Friday, August 30, 2013

Study: How Questions Are Posed May Show Men And Women Suffer Equally With Depression

Albert Einstein during a lecture in Vienna in 1921
Albert Einstein during a lecture in Vienna in 1921 (Photo credit: Wikipedia)
"To raise new questions, new possibilities, to regard old problems from a new angle, requires creative imagination and marks real advance in science." Albert Einstein

Asking the right questions...


As we mature we learn how to ask questions. Asking questions and seeking information is part of survival. It is what we do. But how many times have you found yourself in the middle of a discussion or crisis situation and one or more of your family members, co-workers, neighbors, or even complete strangers blurts out: "Well, you didn't ask me that?"

Researchers, including those who conduct polls and samplings learn the importance of how questions are phrased. Pew Research Center offers the following observation:
One of the most significant decisions that can affect how people answer questions is whether the question is posed as an open-ended question, where respondents provide a response in their own words, or a closed-ended question, where they are asked to choose from a list of answer choices.

New research suggests how questions are presented may alter depression diagnosis for men


On Wednesday, August 28, 2013, the results of new research were published online in JAMA Psychiatry: The Experience of Symptoms of Depression in Men vs. Women, Analysis of the National Comorbidity Survey Replication. The lead author was Lisa Martin, PhD, an assistant professor at the University of Michigan in Dearborn. Other researchers in the study were Harold W. Neighbors, PhD University of Michigan in Ann Arbor and Derek M. Griffith, PhD, Vanderbilt University in Nashville, TN.

The study's objective was: "to explore whether sex disparities in depression rates disappear when alternative symptoms are considered in the place of, or in addition to, more conventional depression symptoms."


Study's parameters


  • Researchers used data from a long-term mental-health study organized by Harvard Medical School
  • The data was gathered from 3,310 women and 2,382 men
  • Researchers designed two scales, one to be gender-neutral and one that was tuned toward how the disease of depression manifests itself in men.
  • Researchers looked at not only familiar symptoms of depression like sadness, feelings of guilt, difficulty sleeping, loss of interest; but, also asked about anger attacks, substance abuse, aggression, risk taking behavior and hyperactivity.

Study's results


  • Men reported higher rates of anger attacks/aggression, substance abuse, and risk taking compared with women.
  • Analyses using the scale that included alternative, male-type symptoms of depression found that a higher proportion of men (26.3%) than women (21.9%) (P = .007) met criteria for depression.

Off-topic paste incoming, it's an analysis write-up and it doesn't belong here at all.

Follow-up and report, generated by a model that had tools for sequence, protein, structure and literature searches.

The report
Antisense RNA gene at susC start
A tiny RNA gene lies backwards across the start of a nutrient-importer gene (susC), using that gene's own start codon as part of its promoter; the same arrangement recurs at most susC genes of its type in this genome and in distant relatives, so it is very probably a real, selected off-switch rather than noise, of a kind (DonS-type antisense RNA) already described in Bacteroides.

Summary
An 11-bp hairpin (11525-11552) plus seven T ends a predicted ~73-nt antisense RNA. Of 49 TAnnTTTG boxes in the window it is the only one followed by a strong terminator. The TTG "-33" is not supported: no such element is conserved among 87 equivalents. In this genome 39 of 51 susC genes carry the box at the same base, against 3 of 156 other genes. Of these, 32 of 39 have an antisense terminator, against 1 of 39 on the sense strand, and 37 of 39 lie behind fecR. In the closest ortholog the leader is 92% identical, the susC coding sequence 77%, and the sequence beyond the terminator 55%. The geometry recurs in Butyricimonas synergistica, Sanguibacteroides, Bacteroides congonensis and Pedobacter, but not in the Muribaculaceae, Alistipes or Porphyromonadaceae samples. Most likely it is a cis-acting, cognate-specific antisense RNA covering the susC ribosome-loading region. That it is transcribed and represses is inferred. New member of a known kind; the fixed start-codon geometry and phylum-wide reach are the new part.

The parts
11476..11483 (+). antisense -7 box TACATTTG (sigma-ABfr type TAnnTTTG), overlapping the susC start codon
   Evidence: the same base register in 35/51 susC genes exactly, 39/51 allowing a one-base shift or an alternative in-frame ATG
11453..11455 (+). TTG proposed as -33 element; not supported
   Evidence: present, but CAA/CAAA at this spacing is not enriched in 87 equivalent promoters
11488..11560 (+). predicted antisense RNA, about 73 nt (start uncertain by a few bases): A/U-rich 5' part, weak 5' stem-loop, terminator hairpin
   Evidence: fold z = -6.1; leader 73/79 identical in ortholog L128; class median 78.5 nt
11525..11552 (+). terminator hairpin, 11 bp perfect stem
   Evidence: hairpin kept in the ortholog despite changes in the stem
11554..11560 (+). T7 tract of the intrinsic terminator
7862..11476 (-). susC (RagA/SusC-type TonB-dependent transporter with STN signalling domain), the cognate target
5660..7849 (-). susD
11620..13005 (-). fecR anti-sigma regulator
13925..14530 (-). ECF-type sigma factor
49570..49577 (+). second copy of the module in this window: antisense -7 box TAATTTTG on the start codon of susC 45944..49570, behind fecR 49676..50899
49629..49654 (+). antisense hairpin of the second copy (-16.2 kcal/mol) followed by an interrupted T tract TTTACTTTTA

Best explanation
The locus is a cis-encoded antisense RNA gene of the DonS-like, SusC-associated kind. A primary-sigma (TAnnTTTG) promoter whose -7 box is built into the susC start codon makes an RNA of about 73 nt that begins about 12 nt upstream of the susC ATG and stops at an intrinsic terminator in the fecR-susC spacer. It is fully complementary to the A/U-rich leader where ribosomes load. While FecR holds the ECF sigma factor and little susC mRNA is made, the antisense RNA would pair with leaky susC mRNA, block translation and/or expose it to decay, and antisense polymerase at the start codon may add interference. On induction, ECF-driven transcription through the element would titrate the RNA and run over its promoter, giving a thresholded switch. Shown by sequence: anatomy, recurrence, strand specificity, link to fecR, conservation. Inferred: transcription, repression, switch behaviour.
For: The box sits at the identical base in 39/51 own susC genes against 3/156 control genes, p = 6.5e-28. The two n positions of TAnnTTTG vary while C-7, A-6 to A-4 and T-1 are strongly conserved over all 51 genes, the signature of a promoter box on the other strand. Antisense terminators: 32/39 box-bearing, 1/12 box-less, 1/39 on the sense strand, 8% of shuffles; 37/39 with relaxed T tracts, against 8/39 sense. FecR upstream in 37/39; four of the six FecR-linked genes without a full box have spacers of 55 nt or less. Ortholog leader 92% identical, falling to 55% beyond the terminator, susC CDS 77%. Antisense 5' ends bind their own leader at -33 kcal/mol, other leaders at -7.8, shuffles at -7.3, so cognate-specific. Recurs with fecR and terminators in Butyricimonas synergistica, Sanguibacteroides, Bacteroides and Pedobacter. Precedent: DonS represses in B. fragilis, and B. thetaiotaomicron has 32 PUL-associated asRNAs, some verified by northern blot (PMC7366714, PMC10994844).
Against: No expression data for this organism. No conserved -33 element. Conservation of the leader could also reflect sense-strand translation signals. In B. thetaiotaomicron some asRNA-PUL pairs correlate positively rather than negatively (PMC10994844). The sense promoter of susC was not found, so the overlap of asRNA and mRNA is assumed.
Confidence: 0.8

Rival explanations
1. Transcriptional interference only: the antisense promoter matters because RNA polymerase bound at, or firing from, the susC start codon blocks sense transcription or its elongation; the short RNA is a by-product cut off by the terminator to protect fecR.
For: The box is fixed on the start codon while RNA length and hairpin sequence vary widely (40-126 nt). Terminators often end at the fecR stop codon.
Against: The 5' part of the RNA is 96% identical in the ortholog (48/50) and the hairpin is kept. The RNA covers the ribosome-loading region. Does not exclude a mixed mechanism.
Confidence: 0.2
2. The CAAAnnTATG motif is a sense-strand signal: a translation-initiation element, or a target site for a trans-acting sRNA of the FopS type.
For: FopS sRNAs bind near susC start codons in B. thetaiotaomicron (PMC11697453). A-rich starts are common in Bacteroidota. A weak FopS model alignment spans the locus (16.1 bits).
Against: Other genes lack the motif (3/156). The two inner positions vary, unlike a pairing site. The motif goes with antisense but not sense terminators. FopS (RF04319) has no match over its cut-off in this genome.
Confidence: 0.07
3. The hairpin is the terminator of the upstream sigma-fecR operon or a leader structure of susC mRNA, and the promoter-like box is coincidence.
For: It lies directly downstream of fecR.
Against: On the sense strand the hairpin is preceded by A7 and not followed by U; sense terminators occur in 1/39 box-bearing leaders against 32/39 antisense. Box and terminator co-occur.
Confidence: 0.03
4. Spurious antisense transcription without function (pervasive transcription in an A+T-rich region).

• Analyses using the scale that included alternative and traditional depression symptoms found that men and women met criteria for depression in equal proportions: 30.6% of men and 33.3% of women (P = .57).
  • When alternative and traditional symptoms are combined, sex disparities in the prevalence of depression are eliminated.

Moving forward...


For sure many scientists will weigh in on the results of this study. Here are just a few observations from experts who were not involved in the study.

USAToday interviewed Peter Kramer who is a clinical professor at Brown University. Dr. Kramer indicated that the notion of gender differences and depression symptoms is a new idea and the study's results are preliminary. The Los Angeles Times interviewed UCLA's Dr. Andrew Leuchter who is a psychiatrist and studies depression. Dr. Leuchter offered:
"When it comes to depression in men, to some extent we have blinders on. We have not been asking about and taking into account a range of symptoms that may be gender-specific. Everything we think we know about depression is a reflection of how we defined it to begin with." That bias, he added, may have fostered the perception that depression is predominantly a "woman's disease" — and that men don't need treatment for emotional suffering.
Additionally, Reuters reported that the lead author, Dr. Lisa Martin, "cautioned, however, that her study did have limitations, including that the surveys did not include questions about overworking, over exercising, changes in sexual behavior and other markers for depression among men."

The most positive news about this study's results is that once again we have a conversation starter which hopefully will allow more people to recognize depression symptoms and seek help for themselves or a loved one.

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